What’s So Special About the US Constitution, Anyway?
Progressives hate the Constitution. They like to claim that it is a “living” document that should change with the times. Columnist and pastor Byron Williams exemplifies this view. Writing for the Huffington Post in 2012, he quipped: “Though I would not consider myself on an intellectual par with James Madison, I would say that I have a better understanding of what ‘We the people of the United States in order to form a more perfect union’ looks like in the 21st century than he does.”
Williams concluded: “The Constitution must be a living document if it is to represent those living today.”
There is much to take issue with in just these two short statements. Is Mr. Williams, though admittedly less intelligent than Mr. Madison, possessed nonetheless with the powerful intellect and towering moral insight necessary to determine for all 300 million Americans what the Constitution should mean in the 21st century? Or, does he believe that each American’s own interpretation is equally valid? If the answer is “yes” to the first question, then Mr. Williams would have himself be our wise and benevolent dictator. If the answer is “yes” to the second question, then we have no law whatsoever. We have instead Aleister Crowley’s take on law: “Do what thou wilt shall be the whole of the law,” he said.
On the other hand, If the answer is “no” to either question, then Mr. Williams’ argument that the Constitution is a living document is nonsense.
The purpose of the Constitution is quite simple, actually. It establishes the nature of our government, apportioning power among the three branches, and it specifies what powers those branches may exercise. Further, it specifies what the government may not do.
This has two important effects. First, it creates a level playing field. Those living under the rule of law established by the Constitution know what the rules are, and the rules do not change. If the rules were to change constantly, instead of being fixed by the Constitution, it would be difficult, if not impossible, to operate a business, or even to live. Rather than living according to fixed law, people would live purely by the laws of power. Bribery and force alone would dictate who flourished and who failed.
If this is hard to comprehend, compare it to a football game. There are established rules in football that do not change during a season or a game. Officials rule impartially based on a rulebook known to all participants. But imagine if the rulebook could be changed by the officials at their own discretion at any time during the season or during a game. It would be chaos, and playing the game would be impossible. Football, as a sport, would disappear.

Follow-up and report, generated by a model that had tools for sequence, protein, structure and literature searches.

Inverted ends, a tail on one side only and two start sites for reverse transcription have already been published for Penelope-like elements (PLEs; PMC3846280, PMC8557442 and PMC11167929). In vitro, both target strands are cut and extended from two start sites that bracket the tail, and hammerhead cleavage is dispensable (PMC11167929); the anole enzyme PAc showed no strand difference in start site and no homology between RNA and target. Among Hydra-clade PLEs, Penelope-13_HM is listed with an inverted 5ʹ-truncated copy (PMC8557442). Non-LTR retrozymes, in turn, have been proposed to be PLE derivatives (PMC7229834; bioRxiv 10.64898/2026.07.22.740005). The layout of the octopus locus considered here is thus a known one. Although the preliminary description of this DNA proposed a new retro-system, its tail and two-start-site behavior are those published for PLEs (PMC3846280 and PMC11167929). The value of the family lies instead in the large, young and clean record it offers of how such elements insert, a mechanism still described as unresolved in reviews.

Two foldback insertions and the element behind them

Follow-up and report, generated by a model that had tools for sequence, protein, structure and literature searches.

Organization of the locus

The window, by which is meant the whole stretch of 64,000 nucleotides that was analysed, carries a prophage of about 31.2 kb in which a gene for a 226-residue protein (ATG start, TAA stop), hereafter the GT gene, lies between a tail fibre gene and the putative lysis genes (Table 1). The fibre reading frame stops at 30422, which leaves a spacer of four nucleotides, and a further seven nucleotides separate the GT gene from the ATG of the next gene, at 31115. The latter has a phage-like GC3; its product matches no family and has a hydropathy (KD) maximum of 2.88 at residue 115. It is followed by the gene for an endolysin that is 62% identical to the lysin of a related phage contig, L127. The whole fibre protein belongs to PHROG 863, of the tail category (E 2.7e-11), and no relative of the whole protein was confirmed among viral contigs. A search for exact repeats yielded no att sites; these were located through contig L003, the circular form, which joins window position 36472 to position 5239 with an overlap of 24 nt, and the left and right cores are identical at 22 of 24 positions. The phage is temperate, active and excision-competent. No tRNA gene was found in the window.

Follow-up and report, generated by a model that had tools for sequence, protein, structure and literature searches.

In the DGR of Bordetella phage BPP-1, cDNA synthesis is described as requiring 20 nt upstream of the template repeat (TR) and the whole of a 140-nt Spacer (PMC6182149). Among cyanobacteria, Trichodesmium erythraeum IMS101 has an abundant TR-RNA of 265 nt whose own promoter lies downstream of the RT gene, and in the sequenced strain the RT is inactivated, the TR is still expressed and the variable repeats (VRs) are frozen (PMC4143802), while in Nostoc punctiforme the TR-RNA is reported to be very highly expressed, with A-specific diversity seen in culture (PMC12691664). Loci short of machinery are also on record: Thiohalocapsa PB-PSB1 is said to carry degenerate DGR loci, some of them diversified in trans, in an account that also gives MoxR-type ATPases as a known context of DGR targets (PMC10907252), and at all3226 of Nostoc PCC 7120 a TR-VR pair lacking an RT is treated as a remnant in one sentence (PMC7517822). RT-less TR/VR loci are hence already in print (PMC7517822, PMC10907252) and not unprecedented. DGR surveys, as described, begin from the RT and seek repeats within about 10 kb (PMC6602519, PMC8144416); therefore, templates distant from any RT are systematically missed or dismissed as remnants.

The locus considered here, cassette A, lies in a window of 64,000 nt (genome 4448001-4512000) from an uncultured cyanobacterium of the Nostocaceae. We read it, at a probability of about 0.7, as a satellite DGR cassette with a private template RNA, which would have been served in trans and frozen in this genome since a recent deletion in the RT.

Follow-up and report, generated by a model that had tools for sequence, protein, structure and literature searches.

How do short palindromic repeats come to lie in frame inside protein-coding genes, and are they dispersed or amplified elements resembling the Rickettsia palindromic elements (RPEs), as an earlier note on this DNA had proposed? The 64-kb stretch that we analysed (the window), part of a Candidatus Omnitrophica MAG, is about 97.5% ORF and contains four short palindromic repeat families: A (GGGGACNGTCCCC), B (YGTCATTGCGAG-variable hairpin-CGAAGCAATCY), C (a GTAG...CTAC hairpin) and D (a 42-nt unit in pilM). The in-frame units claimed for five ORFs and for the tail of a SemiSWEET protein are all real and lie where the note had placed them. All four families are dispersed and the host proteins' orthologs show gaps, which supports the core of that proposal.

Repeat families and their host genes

The U.S. Constitution is special because it establishes an immutable rulebook. There are procedures in place to change the Constitution, but they were deliberately made difficult by the Founders to prevent rapid and radical change.
The Founders knew that if government and law could be changed on a whim, freedom and prosperity would be impossible. This was behind their concerns about democracy. As James Madison famously observed, “democracies have ever been spectacles of turbulence and contention; have ever been found incompatible with personal security or the rights of property; and have in general been as short in their lives as they have been violent in their deaths.”
Because the U.S. Constitution is deliberately designed to prevent factions from gaining the ability to change the nation’s laws whenever they wish, progressives, who want just that kind of power in order to implement their program, either fall back on the ridiculous “living document” argument or they look abroad for what they think are “better” constitutions.
This was exactly the line taken by Supreme Court Justice Ruth Bader Ginsberg when she gave advice to the Egyptians on drafting a new constitution. “I would not look to the U.S. Constitution, if I were drafting a constitution in the year 2012,” she told Al Hayat television. “I might look at the constitution of South Africa. That was a deliberate attempt to have a fundamental instrument of government that embraced basic human rights, have an independent judiciary. It really is, I think, a great piece of work that was done.”